Articles Tagged with bona fide

underwood-bona-fide-purchaser-value-300x300The purpose of this article is to explain what a bona fide purchaser for value is and how that status impacts someone’s property rights. A bona fide purchaser for value (or bona fide purchaser) is someone who acquires a property interest or encumbrance like a property, mortgage, or lease, and meets two specific criteria.  A bona fide purchaser must (1) lack knowledge or notice that a prior claim exists on the property and (2) give adequate consideration for that property. (Melendrez v. D & I Inv., Inc., (2005) 127 Cal. App. 4th 1238, 1251.) 

Why is the lack of knowledge of a prior claim necessary? 

A bona fide purchaser cannot have any knowledge of any prior claims. This is because their purchase makes any unrecorded interest, like the verbal sale of a property, void. (Civ. Code § 1214.) To make sure they have no knowledge of other claims, a bona fide purchaser must make a reasonable inquiry to see if anyone else has a claim to the property. Buyers can do this by hiring a company to conduct a title search. A title search examines public records to determine who legally owns a property. Having this search done ensures there are no defects in the seller’s ability to transfer the property or other competing claims. Someone’s purchaser status is determined at the time the interest or lien is acquired. So, once that person has bought the property, the need for the buyer to not know of any competing claims ends. This is important because any information learned after acquiring the interest does not affect someone’s status as a bona fide purchaser or encumbrancer.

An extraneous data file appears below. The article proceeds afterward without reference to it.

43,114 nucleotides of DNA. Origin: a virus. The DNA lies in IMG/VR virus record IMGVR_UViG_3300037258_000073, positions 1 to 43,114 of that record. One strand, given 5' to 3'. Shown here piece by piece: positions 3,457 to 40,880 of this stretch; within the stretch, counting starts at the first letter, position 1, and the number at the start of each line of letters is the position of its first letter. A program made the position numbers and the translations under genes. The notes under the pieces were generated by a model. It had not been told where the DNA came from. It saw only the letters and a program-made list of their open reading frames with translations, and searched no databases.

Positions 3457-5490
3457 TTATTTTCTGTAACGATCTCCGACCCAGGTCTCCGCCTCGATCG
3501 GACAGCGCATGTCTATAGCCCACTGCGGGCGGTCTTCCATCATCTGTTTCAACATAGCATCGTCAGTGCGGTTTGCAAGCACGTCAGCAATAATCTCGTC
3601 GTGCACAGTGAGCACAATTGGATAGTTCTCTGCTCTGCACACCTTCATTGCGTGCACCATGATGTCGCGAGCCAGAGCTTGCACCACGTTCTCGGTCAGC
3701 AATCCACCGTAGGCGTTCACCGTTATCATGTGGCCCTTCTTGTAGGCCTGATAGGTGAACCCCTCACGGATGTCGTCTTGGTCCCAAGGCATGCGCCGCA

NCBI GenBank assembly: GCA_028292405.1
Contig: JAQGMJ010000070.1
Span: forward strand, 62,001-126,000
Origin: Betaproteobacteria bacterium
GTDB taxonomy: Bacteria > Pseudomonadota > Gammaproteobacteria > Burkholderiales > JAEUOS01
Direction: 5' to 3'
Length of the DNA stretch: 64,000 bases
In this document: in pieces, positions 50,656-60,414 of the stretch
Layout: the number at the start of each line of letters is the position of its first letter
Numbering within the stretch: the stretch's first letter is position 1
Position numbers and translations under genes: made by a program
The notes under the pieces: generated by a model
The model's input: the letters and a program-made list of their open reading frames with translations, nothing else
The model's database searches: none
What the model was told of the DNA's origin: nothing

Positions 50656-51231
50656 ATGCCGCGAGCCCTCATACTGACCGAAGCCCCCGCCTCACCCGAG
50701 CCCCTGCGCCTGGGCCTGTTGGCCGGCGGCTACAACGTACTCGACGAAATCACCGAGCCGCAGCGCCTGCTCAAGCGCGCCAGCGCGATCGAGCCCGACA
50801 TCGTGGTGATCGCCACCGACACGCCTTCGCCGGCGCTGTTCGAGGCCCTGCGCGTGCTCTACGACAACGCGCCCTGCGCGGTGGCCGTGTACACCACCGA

Underwood-Blog-Images-3-300x300Sometimes, two or more persons claim to have an interest in the same piece of property. If these interests conflict, then the courts have to step in to adjudicate the dispute and decide whose title is true. But things can get messy when both parties appear to have valid deeds, free or forgery, or other impropriety.

It is for this reason that California (and most other states) enacted laws called “race-notice” statutes. As will be discussed below, these statutes are designed to give “priority” to competing property interests, making it much easier to settle disputes over the same piece of land.

Of course, there are many exceptions to the general rule that the first to record their interest gets the highest priority. Bona fide purchasers, for instance, are entitled to special benefits if they lack knowledge of competing claims. Underwood Law firm is more than familiar with real estate recording laws and has the experience and knowledge to assist you in these types of title disputes.

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